RCR40 Fuel Cell Foam

Things to consider..
Quote Pegasus racing: Fuel cell foam reduces fuel sloshing and minimizing the chance of explosions, but it does deteriorate over time. As the foam breaks down, it can quickly clog fuel filters, fuel pumps, and carburetors. We recommend replacing fuel cell foam baffling at least every three years.

Second, modern fuels contain % ethanol (at least in Europe). Not every foam can handle that.

I had my Alloy tanks custom made at a local welding shop with baffles.
 

PaulProe

Supporter
In a recent conversation with Chuck S on this, I learned he had followed the suggestion of adding the foam blocks to his RCR tanks. The results were 'less than stellar'. He said it doesn't stop the fuel slosh.

Maybe he'll chime in and add his experience.

I am considering adding baffles to mine, once I receive them. Don't really like having to weld on the tanks but it seems to be the only true solution.

Paul
 

Randy Folsom

Supporter
In a recent conversation with Chuck S on this, I learned he had followed the suggestion of adding the foam blocks to his RCR tanks. The results were 'less than stellar'. He said it doesn't stop the fuel slosh.

Maybe he'll chime in and add his experience.

I am considering adding baffles to mine, once I receive them. Don't really like having to weld on the tanks but it seems to be the only true solution.

Paul
Paul, If the Wiffle balls don’t work I too will open up the tanks and install baffles. In that case, I will go with a professional welder which probably won’t cost much more than foam. Cheers, Randy.
 

Randy Folsom

Supporter
By the way, there are swirl pot systems which are part of/i.e. inside the fuel tank.
Walter, I have been thinking the same. It seems to me that a baffle just forward of the fuel pickup is essentially a swirl pot. In my Cobra replica’s Mustang fuel tank, there is a ‘pot’ that the fuel pickup sits in. I am guessing it works since I have never heard about the need for external swirl pots on Cobra’s to address fuel sloshing from side to side when cornering. However, because the GT40’s have two tanks, an external swirl tank is still a convenient way to join the systems. Cheers, Randy
 

Randy Folsom

Supporter
I wonder that if sloshing can be well managed then it might be possible to use fuel level to determine if a pump is powered. My thinking is to run the pumps in both tanks continuously by default. But if the fuel level drops to certain level, then automatically disable that pump. I envision using a comparator board with an Arduino to make sure the fuel level is truly low, and not just the result of sloshing. The tank pumps would feed a swirl pot with return lines.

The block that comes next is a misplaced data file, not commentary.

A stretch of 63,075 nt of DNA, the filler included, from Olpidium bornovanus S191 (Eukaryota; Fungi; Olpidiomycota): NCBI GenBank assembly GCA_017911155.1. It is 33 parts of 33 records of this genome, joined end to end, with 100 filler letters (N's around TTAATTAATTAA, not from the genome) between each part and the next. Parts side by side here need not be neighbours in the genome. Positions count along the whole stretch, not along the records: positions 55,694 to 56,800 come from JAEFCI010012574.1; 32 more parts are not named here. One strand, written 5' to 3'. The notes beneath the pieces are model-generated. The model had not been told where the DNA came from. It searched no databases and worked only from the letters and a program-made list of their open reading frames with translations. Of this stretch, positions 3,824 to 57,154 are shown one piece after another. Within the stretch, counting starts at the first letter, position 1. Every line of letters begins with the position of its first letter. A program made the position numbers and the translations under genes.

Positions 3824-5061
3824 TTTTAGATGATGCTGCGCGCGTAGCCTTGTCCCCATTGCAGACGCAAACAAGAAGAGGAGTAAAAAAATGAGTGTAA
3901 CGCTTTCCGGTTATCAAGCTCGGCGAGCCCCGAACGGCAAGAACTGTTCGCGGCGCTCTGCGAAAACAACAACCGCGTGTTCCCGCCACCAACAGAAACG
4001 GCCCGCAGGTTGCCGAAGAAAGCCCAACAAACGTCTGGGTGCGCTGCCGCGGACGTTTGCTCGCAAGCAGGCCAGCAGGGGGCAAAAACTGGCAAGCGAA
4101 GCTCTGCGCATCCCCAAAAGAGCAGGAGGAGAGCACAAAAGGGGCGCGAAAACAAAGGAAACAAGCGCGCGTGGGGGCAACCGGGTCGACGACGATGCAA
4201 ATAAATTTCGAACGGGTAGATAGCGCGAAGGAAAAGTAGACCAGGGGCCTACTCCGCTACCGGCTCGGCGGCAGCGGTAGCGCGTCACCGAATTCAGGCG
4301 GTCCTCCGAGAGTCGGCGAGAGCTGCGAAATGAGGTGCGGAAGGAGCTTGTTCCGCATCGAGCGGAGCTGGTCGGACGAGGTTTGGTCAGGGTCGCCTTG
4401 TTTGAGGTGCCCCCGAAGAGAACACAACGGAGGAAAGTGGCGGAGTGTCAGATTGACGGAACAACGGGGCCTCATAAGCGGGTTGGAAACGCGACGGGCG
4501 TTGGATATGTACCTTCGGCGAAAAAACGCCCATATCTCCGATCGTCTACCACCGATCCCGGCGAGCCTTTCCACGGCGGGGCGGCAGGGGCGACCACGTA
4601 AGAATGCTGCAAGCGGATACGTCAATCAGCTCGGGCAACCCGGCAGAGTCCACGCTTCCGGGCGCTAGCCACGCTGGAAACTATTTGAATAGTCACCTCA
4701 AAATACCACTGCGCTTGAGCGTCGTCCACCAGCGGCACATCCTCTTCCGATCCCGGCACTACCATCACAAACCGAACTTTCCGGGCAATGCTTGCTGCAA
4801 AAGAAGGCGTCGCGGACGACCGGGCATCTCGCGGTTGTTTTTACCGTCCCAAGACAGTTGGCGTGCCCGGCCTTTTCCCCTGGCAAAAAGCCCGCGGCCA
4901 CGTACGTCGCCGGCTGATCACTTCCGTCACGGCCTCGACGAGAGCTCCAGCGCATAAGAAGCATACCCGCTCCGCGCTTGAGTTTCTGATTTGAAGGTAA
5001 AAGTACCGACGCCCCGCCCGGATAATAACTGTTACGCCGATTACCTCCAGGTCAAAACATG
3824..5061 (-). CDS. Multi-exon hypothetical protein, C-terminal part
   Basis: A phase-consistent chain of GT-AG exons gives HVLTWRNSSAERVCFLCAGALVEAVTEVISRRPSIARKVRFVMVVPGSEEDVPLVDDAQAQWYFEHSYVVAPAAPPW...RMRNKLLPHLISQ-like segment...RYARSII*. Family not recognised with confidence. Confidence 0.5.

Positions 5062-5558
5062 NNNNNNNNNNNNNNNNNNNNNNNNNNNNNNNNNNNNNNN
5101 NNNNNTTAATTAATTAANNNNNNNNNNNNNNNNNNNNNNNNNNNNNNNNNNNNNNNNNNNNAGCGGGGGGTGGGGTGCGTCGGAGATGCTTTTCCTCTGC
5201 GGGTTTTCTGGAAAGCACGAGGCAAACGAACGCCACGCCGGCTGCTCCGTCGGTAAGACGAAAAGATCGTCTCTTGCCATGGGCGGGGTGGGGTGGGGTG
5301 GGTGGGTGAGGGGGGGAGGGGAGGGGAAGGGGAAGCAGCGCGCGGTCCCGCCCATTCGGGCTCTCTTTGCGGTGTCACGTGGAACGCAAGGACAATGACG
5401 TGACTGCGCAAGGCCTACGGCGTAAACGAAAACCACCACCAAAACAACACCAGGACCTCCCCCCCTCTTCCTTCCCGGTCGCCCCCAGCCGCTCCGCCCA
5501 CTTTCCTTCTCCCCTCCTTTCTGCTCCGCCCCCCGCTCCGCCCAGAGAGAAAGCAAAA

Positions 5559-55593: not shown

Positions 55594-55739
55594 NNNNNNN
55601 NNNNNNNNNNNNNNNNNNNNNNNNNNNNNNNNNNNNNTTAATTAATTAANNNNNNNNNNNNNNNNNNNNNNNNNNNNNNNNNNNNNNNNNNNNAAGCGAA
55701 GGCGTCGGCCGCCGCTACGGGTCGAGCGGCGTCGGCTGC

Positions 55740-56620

With this approach, I could fill one or both tanks and not worry about any switching, or cross tank flow systems.

Thoughts?
 
Walter, I have been thinking the same. It seems to me that a baffle just forward of the fuel pickup is essentially a swirl pot. In my Cobra replica’s Mustang fuel tank, there is a ‘pot’ that the fuel pickup sits in. I am guessing it works since I have never heard about the need for external swirl pots on Cobra’s to address fuel sloshing from side to side when cornering. However, because the GT40’s have two tanks, an external swirl tank is still a convenient way to join the systems. Cheers, Randy
Hi Randy: Here is a screenshot from Jansen Competition's catalogue (in German) making reference to internal catch tanks by RTL. Of course, you'd need one each.
I use 2 separate tanks for fuel supply to an external swirl pot (with some safety features recommended by Kinsler), a magnetic switch linked to the scavenge pumps for surplus fuel return into the proper tank (see my build log). Before engine start, I first turn on the scavenge pump of choice from a 3-way switch (this way I cannot run both pumps simultaneously which would likely blow the fuel fuse - as it did in the state I bought the car). I wait till the catch tank is filled and then I turn on the injection pump (using a separate fused relay circuit!). I tend to empty the driver's side tank first, then that of the passenger side - better weight balance - haha. I also heat-shielded the key fuel lines.
I highly recommend using fuel cells (one of the features I much liked on my car when I bought it). They last a lot longer than the FIA expiration date. Even if you ``just" build a street car, a GT40 which could not be taken on a race track makes little sense, does it?
Best regards and joy with your project!!!
 

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